In a highly unusual step, the Securities and Exchange Commission issued a statement yesterday defending its decision not to take action against Citicorp for its failure to disclose allegations that the company manipulated foreign currency transactions to avoid foreign taxes and currency exchange controls.

Three of the five commissioners issued the "mea non culpa," with Commissioner John Evans opposing its issue and Commissioner Barbara Thomas removing herself from considering the issue. Thomas also removed herself from considering the original decision on Citicorp, for reasons that she has not stated.

The commission, in its statement, attacked the disclosure of its decision to the press as "illegal," characterized impressions created by statements in the press as "distorted" and declared itself willing to face questions and provide "a full account of its handling of the Citicorp matter before an appropriate congressional committee."

Disclosure of the decision has prompted calls for information from at least three congressional committees and has touched off a serious internal investigation within the agency to find out who leaked the report.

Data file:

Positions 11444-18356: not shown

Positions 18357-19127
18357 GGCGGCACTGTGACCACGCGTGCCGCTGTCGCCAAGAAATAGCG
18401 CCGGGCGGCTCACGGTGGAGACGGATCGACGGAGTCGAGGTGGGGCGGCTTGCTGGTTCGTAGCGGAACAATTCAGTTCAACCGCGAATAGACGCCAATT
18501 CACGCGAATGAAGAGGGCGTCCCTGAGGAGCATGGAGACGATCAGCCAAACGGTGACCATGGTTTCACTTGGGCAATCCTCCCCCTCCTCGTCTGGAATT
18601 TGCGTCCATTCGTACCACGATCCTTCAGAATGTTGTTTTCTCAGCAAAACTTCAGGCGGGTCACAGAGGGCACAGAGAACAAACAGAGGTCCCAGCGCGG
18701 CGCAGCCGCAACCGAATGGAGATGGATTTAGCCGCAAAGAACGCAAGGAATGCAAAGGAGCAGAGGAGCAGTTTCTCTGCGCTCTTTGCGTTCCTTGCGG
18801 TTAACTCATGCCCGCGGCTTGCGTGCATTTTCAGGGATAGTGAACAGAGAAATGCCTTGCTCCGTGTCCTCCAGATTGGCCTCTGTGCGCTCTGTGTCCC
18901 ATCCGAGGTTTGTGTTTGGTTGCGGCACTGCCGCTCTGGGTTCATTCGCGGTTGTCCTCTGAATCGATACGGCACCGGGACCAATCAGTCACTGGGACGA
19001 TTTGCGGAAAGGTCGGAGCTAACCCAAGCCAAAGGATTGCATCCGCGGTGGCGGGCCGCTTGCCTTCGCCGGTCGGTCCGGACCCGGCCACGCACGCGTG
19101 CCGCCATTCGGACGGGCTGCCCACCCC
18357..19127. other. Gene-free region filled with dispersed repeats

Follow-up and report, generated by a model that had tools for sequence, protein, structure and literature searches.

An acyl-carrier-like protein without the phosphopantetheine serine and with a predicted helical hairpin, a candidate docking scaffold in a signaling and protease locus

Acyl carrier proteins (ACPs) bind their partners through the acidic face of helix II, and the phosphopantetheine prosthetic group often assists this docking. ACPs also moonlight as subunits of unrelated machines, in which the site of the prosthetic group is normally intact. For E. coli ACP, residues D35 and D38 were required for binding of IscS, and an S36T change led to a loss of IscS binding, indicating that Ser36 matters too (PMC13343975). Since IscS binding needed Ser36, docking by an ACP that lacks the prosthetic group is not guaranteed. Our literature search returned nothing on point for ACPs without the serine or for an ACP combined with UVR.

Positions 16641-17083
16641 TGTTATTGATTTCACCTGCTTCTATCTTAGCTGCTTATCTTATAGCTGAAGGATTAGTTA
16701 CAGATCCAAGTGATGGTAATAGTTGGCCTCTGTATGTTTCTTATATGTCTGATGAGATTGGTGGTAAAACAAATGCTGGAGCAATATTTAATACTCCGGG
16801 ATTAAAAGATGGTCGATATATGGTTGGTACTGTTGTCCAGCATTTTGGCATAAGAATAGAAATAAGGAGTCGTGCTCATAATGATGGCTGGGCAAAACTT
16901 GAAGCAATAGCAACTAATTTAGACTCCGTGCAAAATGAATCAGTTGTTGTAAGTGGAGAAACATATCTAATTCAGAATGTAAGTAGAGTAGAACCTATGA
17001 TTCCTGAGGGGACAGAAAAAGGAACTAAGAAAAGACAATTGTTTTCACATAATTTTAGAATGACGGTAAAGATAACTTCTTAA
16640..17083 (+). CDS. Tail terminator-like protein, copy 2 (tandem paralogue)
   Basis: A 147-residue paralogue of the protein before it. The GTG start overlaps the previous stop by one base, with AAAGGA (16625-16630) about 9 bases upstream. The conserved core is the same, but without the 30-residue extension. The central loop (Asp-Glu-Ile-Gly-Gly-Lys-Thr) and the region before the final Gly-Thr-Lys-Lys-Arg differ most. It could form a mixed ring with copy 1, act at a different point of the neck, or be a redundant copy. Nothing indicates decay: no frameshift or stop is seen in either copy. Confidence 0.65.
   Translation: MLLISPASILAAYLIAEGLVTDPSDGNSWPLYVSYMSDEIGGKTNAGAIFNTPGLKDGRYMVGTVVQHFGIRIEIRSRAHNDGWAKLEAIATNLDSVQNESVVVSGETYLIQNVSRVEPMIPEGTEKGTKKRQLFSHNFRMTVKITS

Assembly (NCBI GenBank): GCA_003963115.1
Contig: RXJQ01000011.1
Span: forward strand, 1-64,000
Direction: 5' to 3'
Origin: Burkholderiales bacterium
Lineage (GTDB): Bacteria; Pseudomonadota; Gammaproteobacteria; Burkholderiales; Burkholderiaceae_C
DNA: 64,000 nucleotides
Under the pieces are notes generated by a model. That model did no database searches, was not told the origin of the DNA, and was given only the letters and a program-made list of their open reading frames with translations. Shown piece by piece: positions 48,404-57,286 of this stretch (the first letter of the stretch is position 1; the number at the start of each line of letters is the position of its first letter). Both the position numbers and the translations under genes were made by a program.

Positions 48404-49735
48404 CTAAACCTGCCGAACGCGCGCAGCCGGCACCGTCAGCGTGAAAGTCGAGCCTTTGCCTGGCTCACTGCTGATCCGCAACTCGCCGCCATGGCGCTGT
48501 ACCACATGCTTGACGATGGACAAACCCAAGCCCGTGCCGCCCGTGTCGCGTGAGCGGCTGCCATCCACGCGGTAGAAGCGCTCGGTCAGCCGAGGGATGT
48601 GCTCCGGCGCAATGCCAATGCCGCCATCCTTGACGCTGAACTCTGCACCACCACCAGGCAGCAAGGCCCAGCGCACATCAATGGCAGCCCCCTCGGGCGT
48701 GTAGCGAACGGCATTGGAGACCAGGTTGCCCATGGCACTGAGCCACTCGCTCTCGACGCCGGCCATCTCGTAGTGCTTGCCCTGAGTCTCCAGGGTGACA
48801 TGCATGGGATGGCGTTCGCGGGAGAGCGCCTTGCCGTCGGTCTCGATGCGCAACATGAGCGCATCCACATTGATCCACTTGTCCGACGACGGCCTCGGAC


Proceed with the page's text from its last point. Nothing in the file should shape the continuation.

Reports of the SEC decision in February said that the SEC had rejected a recommendation by its enforcement staff to pursue sanctions against Citicorp, the world's largest foreign exchange trader.

According to those reports, one rationale given was an assertion by two other SEC divisions that it would be improper to hold bank officials liable for disclosure violations "based on unadjudicated illegal or improper conduct by a company's officers and directors unless there were affirmative representations as to management's honesty and integrity" in other company disclosures.

Yesterday the SEC gave several reasons for not pursuing sanctions against Citicorp, in addition to noting that, although "certain members of the enforcement staff believed that Citicorp violated" disclosure rules, the director of the division and two other divisions disagreed.

The statement also said that sanctions were not pursued because the allegations were not established adequately and that, even if they had been, "The alleged amounts for the years in question were not material to Citicorp." The statement also noted that the comptroller of the currency had concluded that no action was warranted under U.S. banking laws.

Another reason, according to the statement, is that "the law concerning disclosure of unadjudicated allegations is unclear" and a decision against Citicorp might have been reversed. The SEC also said that the case was essentially a banking or tax case and, besides, "The case was old."

Disclosure of the commission's proceedings is illegal, violating the rights and interests of private parties and inhibiting "the commission's ability to obtain essential cooperation of the private sector in its investigations and undermines the candid debate of critical issues by members of the commission and the staff necessary to well-considered decisions," the statement said.